Storyline No. 1: Just how much of an evil genius is John Calipari?
Heading into the Final Four, we were all worshiping Florida's Billy Donovan. Six Elite Eights and three Final Fours in a span of nine years? Wow! What a legend!
But we all conveniently ignored the fact that Calipari has now been to seven Elite Eights and four Final Fours in the past nine years.
Sure, that second-place finish in 2008 has been officially expunged from the record books. However, you can't take away the money Memphis made during that run, or the fact that Calipari transformed Memphis from a team sputtering to .500 for more than a decade into a perennial threat to make a deep tournament run.
We hate Calipari for the same reason we hate the person who uses the rocket launcher in Halo, or whatever the kids are playing these days.
Is it cheating that Calipari is taking advantage of the NBA's insistence on making everyone play at least one year in college? With the exception of the scandals involving Marcus Camby and Derrick Rose, no, not at all. But it almost feels like cheating to the fans of teams with coaches trying to "win the right way."
Whether or not Kentucky wins Monday night, Calipari has made it abundantly clear that it's possible to win it all with a bunch of one-and-done players. Schools like Duke and North Carolina have finally taken note and have begun dipping their toes into that well.
Perhaps the more interesting storyline down the road is how much longer Calipari stays at Kentucky now that other teams are adopting his strategy.
Storyline No. 2: If voting for the Wooden Award didn't open until after the tournament, how different would the final standings have been?
Don't kid yourself; Doug McDermott would have won by a country mile no matter when they voted.
But Shabazz Napier in sixth place? Julius Randle not even a semifinalist? Come on, now.
If Connecticut wins it all and they voted again Tuesday, you'd have to think Napier would finish in second place.
Storyline No. 3: How much can a great tournament run actually increase a player's draft stock?
NBA scouts never seem to concern themselves with early exits. Should they all eventually declare for the draft, Andrew Wiggins, Jabari Parker and Joel Embiid will all still be drafted in the top five, despite failing to advance to the second weekend of the tournament.
But at the other end of the spectrum, it's pretty apparent that the professional teams have a tendency to fall head over heels in love with the key cogs on championship teams. Remember when North Carolina won it all in 2005 and Marvin Williams was the No. 2 overall draft pick and both Sean May and Rashad McCants were lottery picks?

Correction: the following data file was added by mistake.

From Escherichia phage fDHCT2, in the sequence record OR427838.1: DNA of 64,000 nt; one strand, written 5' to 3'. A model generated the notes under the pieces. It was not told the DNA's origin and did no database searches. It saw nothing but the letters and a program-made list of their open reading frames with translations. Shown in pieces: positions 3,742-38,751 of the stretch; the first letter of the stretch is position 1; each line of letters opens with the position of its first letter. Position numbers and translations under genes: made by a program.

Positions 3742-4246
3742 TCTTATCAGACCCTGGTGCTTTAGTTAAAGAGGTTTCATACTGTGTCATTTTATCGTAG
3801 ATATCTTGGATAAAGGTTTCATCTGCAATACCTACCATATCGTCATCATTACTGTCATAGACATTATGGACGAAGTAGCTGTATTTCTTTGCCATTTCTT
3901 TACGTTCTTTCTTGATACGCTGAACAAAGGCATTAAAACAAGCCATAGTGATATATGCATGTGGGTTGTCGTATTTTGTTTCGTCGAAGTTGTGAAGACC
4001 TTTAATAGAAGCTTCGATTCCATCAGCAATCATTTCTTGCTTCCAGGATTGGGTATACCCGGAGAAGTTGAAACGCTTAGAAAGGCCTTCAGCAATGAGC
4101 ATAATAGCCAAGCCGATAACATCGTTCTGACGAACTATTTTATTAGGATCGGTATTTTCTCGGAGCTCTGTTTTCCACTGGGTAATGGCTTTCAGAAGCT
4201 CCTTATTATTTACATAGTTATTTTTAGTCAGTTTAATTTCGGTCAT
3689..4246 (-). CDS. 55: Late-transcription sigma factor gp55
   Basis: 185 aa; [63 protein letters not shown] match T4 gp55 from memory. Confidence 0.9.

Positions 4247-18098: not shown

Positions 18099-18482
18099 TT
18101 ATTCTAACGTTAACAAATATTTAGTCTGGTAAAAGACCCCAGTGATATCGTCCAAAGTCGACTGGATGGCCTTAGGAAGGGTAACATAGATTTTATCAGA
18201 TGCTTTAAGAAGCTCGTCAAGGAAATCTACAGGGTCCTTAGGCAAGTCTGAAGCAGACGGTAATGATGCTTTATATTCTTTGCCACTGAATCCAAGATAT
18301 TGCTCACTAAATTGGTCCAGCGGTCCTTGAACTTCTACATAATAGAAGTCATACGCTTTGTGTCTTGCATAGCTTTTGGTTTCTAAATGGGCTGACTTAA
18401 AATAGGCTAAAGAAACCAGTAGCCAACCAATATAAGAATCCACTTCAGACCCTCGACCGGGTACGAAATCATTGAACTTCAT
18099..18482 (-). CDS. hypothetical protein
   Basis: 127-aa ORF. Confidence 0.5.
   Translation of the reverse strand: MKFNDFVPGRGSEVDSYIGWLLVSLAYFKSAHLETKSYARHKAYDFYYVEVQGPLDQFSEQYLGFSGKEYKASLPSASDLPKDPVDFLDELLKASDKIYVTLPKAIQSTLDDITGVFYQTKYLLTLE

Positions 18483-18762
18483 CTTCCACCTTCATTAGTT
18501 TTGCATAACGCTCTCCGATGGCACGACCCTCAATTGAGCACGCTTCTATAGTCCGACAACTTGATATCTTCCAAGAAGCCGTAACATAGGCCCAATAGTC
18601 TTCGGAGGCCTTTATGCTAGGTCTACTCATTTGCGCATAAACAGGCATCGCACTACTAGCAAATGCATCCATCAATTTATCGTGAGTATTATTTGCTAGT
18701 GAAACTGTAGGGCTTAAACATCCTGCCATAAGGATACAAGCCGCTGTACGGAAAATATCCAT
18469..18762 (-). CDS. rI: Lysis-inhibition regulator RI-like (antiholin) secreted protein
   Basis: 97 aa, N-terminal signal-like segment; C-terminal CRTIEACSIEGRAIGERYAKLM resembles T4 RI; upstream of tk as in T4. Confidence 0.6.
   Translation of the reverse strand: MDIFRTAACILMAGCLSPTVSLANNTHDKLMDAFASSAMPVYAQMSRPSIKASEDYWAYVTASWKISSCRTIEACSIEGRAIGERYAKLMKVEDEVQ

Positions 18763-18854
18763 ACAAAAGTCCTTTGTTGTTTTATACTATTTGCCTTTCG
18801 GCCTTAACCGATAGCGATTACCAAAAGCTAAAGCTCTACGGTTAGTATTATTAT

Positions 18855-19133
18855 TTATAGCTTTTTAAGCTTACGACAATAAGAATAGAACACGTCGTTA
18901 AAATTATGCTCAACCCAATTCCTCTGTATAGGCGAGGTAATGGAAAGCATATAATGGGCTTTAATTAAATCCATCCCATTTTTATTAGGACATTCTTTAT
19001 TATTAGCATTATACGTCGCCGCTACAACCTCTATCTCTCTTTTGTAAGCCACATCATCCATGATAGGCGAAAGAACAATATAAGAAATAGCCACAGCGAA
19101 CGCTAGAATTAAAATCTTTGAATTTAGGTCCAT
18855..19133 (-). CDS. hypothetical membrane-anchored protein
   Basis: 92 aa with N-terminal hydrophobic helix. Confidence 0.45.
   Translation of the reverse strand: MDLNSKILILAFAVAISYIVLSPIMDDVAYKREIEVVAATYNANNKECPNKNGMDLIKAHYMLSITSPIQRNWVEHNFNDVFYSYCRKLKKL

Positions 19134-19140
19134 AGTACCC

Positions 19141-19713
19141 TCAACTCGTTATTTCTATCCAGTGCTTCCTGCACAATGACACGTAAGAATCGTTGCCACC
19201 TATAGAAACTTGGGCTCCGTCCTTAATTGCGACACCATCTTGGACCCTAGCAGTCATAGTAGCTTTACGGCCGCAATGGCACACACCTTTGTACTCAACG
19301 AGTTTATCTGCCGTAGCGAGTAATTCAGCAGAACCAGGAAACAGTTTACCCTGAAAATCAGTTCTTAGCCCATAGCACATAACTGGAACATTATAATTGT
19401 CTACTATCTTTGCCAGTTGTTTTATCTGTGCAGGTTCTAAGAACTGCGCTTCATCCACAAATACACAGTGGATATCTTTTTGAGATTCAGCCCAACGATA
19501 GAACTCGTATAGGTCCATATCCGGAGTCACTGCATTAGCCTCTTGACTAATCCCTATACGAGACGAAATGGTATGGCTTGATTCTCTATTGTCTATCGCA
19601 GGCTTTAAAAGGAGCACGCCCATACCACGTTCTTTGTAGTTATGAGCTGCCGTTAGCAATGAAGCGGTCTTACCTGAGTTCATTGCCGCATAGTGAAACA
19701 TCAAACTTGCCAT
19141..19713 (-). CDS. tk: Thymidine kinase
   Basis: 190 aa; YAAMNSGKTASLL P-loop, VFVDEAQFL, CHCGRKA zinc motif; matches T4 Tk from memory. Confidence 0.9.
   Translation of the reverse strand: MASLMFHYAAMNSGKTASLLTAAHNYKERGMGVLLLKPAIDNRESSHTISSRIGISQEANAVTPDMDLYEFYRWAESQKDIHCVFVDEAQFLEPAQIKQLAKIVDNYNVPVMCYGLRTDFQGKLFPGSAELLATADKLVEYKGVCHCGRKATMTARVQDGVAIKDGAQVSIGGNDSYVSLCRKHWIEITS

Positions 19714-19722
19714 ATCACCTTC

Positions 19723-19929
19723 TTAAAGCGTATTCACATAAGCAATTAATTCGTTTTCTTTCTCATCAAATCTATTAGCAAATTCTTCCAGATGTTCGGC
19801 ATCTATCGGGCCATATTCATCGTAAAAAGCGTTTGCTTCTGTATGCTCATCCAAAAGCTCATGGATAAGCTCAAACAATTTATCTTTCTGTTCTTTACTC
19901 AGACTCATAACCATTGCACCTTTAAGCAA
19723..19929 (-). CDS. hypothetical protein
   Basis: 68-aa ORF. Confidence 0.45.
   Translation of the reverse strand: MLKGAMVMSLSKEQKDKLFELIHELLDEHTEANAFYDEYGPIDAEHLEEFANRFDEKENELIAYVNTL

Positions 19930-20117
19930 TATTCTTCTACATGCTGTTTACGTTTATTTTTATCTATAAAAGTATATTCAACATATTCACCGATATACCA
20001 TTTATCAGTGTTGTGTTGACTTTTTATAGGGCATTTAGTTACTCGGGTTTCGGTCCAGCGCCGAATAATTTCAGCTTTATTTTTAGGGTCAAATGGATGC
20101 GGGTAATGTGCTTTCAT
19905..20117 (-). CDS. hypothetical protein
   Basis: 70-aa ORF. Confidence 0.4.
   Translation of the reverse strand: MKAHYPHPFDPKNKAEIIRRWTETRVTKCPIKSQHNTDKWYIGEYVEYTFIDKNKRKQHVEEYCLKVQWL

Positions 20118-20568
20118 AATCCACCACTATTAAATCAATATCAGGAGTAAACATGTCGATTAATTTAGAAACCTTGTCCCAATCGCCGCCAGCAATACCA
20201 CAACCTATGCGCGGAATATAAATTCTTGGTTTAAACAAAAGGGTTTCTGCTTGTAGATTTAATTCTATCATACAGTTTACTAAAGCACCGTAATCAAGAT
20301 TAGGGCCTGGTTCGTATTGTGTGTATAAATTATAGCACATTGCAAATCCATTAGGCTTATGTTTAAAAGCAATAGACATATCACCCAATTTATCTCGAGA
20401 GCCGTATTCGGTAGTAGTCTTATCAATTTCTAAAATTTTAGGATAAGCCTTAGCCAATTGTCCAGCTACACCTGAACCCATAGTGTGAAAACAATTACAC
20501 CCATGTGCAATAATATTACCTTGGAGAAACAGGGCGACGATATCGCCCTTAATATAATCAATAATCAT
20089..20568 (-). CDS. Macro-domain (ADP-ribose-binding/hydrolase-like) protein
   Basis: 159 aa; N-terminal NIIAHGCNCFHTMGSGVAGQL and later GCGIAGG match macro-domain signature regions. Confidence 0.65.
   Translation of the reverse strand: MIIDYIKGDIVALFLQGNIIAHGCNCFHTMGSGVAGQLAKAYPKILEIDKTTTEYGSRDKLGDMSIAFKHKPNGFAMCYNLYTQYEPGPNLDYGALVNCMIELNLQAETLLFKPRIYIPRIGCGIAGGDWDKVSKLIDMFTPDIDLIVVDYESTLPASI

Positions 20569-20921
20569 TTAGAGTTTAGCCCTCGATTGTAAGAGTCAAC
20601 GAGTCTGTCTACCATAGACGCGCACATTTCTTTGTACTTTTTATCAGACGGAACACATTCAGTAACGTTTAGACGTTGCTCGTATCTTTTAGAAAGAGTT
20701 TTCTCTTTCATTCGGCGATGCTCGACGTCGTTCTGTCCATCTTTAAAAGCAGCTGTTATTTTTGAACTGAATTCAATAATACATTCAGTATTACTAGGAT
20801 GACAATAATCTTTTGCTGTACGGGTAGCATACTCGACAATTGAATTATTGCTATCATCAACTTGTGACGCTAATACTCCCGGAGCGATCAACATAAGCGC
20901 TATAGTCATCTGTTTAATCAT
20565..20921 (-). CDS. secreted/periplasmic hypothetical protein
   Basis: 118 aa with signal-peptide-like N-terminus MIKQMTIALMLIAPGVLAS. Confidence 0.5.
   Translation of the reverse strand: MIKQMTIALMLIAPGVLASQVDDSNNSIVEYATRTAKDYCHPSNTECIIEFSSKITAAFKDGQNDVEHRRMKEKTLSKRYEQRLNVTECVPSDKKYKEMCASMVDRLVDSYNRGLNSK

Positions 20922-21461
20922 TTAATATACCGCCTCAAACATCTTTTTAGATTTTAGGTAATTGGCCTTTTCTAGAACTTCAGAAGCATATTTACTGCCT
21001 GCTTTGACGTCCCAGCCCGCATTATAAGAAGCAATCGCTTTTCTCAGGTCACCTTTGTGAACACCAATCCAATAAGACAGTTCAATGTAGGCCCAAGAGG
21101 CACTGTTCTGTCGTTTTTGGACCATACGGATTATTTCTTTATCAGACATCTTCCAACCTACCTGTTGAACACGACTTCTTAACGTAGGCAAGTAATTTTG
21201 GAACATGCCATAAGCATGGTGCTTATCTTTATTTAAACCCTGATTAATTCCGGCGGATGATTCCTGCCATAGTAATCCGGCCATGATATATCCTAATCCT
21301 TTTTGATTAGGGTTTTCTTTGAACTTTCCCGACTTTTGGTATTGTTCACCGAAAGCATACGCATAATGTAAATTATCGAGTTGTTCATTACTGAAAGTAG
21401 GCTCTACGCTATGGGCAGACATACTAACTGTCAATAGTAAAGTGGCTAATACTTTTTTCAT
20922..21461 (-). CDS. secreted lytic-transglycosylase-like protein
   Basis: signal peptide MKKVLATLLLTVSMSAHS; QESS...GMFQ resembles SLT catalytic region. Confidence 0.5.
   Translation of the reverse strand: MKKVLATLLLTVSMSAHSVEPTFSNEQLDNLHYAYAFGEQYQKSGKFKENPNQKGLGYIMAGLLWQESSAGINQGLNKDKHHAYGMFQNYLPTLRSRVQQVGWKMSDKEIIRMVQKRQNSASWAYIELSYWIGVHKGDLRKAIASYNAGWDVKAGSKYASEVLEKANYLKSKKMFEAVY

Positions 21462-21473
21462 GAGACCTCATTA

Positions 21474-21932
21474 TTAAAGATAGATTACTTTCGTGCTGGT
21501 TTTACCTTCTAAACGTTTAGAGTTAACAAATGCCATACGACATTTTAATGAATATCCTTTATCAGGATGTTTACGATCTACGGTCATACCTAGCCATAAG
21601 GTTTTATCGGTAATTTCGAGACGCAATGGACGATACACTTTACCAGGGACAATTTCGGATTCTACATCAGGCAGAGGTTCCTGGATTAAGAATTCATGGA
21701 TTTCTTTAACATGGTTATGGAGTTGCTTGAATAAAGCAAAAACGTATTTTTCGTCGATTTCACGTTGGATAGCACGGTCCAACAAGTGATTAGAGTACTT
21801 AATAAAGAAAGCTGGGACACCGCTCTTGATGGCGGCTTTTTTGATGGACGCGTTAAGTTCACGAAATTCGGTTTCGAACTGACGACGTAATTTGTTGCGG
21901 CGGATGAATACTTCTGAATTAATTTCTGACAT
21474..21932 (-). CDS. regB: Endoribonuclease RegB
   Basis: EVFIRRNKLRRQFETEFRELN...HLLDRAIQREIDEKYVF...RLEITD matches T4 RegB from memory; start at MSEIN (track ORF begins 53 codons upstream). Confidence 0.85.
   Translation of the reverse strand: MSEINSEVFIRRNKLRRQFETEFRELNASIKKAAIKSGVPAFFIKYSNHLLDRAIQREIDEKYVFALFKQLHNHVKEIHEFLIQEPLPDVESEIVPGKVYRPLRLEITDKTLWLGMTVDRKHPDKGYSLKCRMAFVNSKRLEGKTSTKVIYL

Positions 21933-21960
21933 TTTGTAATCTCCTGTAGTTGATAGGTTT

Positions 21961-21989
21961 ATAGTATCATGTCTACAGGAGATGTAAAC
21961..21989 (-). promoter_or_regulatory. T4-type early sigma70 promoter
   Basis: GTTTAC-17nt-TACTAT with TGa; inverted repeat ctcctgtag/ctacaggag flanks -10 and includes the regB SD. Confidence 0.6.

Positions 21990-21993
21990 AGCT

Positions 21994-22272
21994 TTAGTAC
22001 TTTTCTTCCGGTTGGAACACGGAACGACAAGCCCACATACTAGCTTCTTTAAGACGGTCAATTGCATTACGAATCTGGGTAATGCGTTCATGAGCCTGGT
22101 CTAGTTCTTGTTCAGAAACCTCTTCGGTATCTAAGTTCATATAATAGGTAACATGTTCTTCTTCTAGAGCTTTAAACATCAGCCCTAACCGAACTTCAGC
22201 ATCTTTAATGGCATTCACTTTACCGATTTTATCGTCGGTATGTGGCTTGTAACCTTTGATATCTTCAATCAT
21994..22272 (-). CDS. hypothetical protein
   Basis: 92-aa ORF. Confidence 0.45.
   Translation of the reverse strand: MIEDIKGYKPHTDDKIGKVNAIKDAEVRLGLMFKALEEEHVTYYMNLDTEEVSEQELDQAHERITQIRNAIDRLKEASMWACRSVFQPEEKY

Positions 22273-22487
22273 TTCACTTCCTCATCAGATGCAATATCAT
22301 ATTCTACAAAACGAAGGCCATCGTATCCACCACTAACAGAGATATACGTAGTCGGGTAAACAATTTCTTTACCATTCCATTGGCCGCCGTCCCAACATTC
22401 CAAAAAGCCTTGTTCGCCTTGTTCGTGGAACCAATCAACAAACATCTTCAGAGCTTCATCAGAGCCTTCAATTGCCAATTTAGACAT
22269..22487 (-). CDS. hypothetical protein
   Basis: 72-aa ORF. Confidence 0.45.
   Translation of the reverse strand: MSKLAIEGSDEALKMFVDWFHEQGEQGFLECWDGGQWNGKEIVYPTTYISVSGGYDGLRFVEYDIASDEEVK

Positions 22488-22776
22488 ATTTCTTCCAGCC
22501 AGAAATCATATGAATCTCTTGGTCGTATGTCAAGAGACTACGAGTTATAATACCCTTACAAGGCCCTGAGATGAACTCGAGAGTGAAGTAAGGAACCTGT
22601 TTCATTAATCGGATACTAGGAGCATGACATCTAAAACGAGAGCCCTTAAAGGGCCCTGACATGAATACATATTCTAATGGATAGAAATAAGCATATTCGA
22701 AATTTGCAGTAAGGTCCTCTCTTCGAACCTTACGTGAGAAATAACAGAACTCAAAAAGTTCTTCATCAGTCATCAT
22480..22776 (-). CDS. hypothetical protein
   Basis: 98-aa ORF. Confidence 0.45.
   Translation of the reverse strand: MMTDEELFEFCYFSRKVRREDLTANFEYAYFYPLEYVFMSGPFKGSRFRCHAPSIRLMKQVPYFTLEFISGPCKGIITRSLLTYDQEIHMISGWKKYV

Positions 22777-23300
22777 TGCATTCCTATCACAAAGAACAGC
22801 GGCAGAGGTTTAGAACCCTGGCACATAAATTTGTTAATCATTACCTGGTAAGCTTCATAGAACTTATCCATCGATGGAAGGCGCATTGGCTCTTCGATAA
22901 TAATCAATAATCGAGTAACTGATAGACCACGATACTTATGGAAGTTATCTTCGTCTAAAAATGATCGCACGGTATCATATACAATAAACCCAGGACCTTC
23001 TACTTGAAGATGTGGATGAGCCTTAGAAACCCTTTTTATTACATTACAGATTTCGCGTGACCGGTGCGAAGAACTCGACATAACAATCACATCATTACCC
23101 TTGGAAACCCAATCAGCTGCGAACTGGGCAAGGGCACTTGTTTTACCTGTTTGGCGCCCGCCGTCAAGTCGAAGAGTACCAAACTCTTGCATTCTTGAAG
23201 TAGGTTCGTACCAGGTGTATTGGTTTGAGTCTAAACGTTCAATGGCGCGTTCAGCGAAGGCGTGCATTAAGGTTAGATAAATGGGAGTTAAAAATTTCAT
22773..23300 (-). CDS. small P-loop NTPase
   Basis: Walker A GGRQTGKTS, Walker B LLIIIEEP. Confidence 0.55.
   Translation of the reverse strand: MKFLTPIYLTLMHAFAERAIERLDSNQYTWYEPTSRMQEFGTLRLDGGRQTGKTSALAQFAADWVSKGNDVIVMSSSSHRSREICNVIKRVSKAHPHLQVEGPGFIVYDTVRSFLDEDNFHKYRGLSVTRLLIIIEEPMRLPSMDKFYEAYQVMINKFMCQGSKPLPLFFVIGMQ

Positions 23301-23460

Teams have certainly been smarter since then. However, Louisville's Gorgui Dieng wasn't even a projected first-round pick before last year's tournament, according to our Jonathan Wasserman, but he was taken 21st overall after the Cardinals' championship run.
One has to wonder just how much players like Aaron Harrison, Julius Randle and DeAndre Daniels have improved their draft stock with five incredible games. If Kentucky wins it all and Randle explodes for 22 points and 14 rebounds, could he catapult into the top three? Could Daniels jump into the first round and become an immediate Sixth Man of the Year for a contender?
Storyline No. 4: Will we see an influx of former NBA players becoming first-time head coaches at major programs?
Iowa State was nothing special when it hired Fred Hoiberg. Led by Greg McDermott, the Cyclones had finished their last four seasons with a sub-.500 record. But "The Mayor" came in and turned things around almost overnight.
Hoiberg had never been a head coach before. After a 10-year career in the NBA and a couple of years in the Timberwolves' front office, he went back to his alma mater in 2010. And were it not for Georges Niang's injury, we just might be talking about Iowa State this weekend.
Kevin Ollie took over the head coaching position at Connecticut amid turmoil.
Jim Calhoun had retired suddenly after the Huskies were slapped with a one-year tournament ban for low APR scores, and there was nonstop unrest over the future state of the Big East conference. Yet, Ollie swooped in just a few years removed from playing for the Thunder and led the Huskies to a championship game.
With that recent track record of success, why wouldn't teams with coaching vacancies reach out to guys like Ray Allen, Derek Fisher and Steve Nash when they finally decide to call it a career?
I don't know about you, but if I were a top recruit looking to advance to the NBA after just one season, I'd be infinitely more intrigued by a visit from Fisher or Nash than a college coaching legend like Jim Boeheim or Roy Williams.
If Larry Brown can get Emmanuel Mudiay to come to Southern Methodist, imagine what Fisher or Nash could do for a perennially underachieving major conference program like Georgia Tech or USC.